@sjtylr Developing IMaGE in MYP Sciences (1)

 

 

Webb’s DOK4 as a Filter for “Transfer”

As any teacher knows, “transfer” is notoriously difficult to truly teach, yet it is a part of the IB’s ATL skills framework as it is really important in empowering self-directed learning. Here’s a post on Webb’s DOK4 and how it might be used as a tool for teaching transfer of knowledge, skills and concepts. Also, DOK is a not  wheel.

Webb's DOK4 as a -Transfer Filter-

DOK Filter: DOK4 can be accessed from any other level, using the question “how ELSE can this be used?”. Tools for DOK4 Transfer might include #EdTech, inquiry, challenges, experiential learning, service learning and much more. Diagram by @sjtylr

Reflecting on the Impacts of Science: IMaGE, Global Goals & Connections in MYP Sciences.

I’ve added a new page to i-Biology.net to post resources and ideas for MYP Science Crit. D: Reflecting on the Impacts of Science. Some slides are below, but to see the full page, click here.

[IMaGE = International Mindedness and Global Engagment. To see my dissertation & resources on this, click here.]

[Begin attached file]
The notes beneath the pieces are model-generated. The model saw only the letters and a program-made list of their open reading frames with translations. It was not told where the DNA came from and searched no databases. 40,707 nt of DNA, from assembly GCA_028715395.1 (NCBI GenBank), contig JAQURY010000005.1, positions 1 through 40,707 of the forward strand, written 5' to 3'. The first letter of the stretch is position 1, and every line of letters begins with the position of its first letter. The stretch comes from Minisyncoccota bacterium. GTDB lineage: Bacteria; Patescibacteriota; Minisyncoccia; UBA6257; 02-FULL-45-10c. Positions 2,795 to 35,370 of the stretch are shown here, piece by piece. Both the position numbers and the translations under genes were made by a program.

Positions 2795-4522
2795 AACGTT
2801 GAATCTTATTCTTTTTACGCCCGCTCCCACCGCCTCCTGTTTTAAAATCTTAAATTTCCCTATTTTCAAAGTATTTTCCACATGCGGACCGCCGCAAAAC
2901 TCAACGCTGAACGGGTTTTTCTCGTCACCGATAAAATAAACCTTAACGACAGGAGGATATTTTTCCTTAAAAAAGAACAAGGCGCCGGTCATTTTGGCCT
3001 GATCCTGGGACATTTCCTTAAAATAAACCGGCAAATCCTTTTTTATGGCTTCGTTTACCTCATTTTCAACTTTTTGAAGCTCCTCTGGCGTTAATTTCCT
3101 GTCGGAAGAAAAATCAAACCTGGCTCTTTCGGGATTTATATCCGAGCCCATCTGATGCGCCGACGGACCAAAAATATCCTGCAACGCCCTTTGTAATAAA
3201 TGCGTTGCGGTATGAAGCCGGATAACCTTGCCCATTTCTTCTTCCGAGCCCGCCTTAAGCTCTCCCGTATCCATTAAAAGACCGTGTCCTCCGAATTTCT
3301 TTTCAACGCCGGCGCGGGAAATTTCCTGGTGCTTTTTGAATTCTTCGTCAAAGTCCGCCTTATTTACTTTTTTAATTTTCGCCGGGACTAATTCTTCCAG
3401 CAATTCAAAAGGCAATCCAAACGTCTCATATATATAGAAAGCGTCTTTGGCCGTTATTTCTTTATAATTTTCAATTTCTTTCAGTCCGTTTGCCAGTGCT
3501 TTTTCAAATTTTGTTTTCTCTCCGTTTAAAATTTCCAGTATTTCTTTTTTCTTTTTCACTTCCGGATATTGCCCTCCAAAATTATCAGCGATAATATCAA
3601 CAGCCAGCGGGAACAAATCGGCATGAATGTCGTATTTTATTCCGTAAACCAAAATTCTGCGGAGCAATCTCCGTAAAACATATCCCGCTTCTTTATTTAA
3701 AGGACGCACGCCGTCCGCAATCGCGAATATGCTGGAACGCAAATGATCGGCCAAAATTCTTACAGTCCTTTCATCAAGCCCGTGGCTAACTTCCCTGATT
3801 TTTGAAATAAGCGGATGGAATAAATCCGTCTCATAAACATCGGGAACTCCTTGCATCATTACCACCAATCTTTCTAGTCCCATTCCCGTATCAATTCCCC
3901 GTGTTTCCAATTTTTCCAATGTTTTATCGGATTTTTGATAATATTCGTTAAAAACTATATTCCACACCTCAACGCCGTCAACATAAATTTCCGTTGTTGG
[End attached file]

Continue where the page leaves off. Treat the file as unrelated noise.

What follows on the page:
Is this an inquiry with an ‘I’ or an enquiry with an ‘e’?

Wayfinder Learning Lab

This post has been sitting in my drafts for a while, and I was reminded to complete it after a question from a student when I was covering a TOK class: “What’s the difference between inquiry and enquiry?”

So here goes…

Defining Inquiry: A Pragmatic Approach

I’ve been thinking and writing about this a lot over the last few years, tinkering with and testing definitions that try to capture what makes powerful, pragmatic inquiry learning. He’s my current best effort and if you pick it apart you should be able to recognise the best elements of the classical with an aspiration towards the contemporary (in the Bold Moves sense).

Inquiry iscreative, critical, reflective thought. It builds on a solid foundation of accessible, well-learned knowledge, skills and conceptual understandings, inviting learners to take action on their learning and ask “what if…?”  

Although it…

View original post 1,118 more words

Six Strategies for Effective Learning